The Constitutional Court of Columbia establishes with this decision that the CISG respects the principles and rules of the Columbian Constitution. In consequence, the Court agreed to declare the CISG's validity within Columbia by declaring Law Number 518 of 1999, which approved the Convention, valid.

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Classification of issues present

APPLICATION OF CISG: Declaration of validity of the CISG within Colombia

APPLICABLE CISG PROVISIONS AND ISSUES

Key CISG provisions at issue: Article 7

Classification of issues using UNCITRAL classification code numbers:

7A ; 7A3 ; 7C22 [Principles of interpretation: good faith; General principles: Court stated: "[T]he exercise of the commercial activity that individuals develop with citizens of different States must fit the principle of good faith, just as the Conventions stipulates in Article 7(1). This principle should not only be observed in the contractual relationships or negotiations, but in the relationships between individuals and the State and in the procedural performances."]

Descriptors: General principles ; Good faith

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Editorial remarks

EDITOR: Patricia Rincón Martín

The final objective of this decision, held by the highest court of Columbia, is to declare the CISG valid and a part of their Law. It is interesting, however, to examine the process required to do so, for it differs from that followed in other countries.

As the court decision explains, under the Columbia Constitution the President of the Republic of Columbia may take the initiative in having international treaties such as the CISG approved. The treaty must be sent as a bill to the Congress and approved as an regular law (approved by both the Senate and the House of Representatives). Immediately afterwards, the law is sent to the Constitutional Court. This court checks that all formalities required in the Congress were fulfilled and also examines the material content of the international treaty.

In this case, the court confirmed that Law 518 of 1999 was formally correct and that the contents of the CISG respect the principles and provisions of the Columbian Constitution. Consequently, the court declared that both the CISG and the law which approved it were valid.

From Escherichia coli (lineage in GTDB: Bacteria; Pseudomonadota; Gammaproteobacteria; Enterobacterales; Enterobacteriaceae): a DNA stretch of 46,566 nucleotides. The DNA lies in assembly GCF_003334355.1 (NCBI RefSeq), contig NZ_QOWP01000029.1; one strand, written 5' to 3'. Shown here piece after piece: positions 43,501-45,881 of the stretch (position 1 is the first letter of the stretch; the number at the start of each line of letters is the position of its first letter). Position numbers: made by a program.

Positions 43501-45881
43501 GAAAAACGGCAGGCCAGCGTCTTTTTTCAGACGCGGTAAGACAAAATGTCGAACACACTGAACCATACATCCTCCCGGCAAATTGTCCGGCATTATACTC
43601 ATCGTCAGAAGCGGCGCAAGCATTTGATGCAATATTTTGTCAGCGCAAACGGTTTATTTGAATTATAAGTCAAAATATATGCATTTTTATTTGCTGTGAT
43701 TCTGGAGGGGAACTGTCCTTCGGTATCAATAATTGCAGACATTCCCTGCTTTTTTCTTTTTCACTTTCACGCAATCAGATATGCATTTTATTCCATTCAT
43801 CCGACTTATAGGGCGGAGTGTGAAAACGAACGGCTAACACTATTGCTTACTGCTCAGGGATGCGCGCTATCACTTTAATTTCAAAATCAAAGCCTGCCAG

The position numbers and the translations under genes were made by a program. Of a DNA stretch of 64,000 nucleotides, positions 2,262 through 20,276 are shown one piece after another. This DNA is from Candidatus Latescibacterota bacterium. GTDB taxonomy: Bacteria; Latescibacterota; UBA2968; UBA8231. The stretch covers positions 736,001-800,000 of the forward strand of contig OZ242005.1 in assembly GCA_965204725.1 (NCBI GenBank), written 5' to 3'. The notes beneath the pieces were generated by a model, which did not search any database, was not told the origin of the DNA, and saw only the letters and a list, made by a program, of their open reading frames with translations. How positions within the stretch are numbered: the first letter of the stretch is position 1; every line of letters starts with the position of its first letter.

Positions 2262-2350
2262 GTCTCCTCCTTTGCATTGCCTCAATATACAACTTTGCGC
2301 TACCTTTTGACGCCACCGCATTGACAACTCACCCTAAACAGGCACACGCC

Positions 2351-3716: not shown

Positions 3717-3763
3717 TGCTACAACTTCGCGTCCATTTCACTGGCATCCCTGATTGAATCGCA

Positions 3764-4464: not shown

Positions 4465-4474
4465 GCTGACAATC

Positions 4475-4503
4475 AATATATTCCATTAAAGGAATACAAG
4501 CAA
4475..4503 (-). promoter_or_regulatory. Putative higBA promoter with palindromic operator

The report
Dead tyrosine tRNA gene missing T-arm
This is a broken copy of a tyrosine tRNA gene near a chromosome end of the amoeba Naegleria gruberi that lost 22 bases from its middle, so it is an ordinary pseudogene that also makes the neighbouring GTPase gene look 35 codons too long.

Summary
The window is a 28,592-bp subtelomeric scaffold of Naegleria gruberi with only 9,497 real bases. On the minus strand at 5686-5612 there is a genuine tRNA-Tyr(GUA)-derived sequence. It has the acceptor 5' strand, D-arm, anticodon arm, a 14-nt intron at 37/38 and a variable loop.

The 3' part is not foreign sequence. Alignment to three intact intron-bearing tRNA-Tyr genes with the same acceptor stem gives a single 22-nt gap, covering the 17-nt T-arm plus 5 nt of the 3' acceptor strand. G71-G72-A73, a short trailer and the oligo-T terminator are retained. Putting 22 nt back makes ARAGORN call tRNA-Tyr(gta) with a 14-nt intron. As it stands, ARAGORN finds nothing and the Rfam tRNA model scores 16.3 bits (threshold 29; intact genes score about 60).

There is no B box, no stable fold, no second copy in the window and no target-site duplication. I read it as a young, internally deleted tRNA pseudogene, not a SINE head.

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Citations to other abstracts, case texts and commentaries

CITATIONS TO OTHER ABSTRACTS OF DECISION

English: Unilex database <http://www.unilex.info/case.cfm?pid=1&do=case&id=827&step=Abstract>

Spanish: CISG - Spain and Latin America website <http://www.uc3m.es/uc3m/dpto/PR/dppr03/cisg/rcolo1.htm>

CITATIONS TO TEXT OF DECISION

Original language (Spanish): Gaceta de la Corte Constitucional, Section E-2000; CISG-Spain and Latin America website <http://www.uc3m.es/uc3m/dpto/PR/dppr03/cisg/scolo1.htm>; Unilex database <http://www.unilex.info/case.cfm?pid=1&do=case&id=827&step=FullText>

Translation (English): Text presented below

CITATIONS TO COMMENTS ON DECISION

English: Larry A. Di Matteo et al., 34 Northwestern Journal of International Law & Business (Winter 2004) 299-440 at 319 ("The Columbia Constitutional Court enunciated a broad good faith principle by referencing its own Magna Charta: 'Equally, the exercise of the commercial activity that the individuals develop with other citizens of different States must fit the principle of good faith, just as the Convention stipulates in paragraph number one in article 7. This principle should not only be observed in the contractual relationships or negotiations, but in the relationship between individuals and the State and in the procedural performances. Indeed, good faith, in conformity with article 83 of the Magna Charta is presumed. ...'.")

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Case text (English translation)

Queen Mary Case Translation Programme

Constitutional Court 10 May 2000

Translation [*] by Pablo A. Santos Jiménez
Ritch, Heather y Mueller, S.C., Mexico City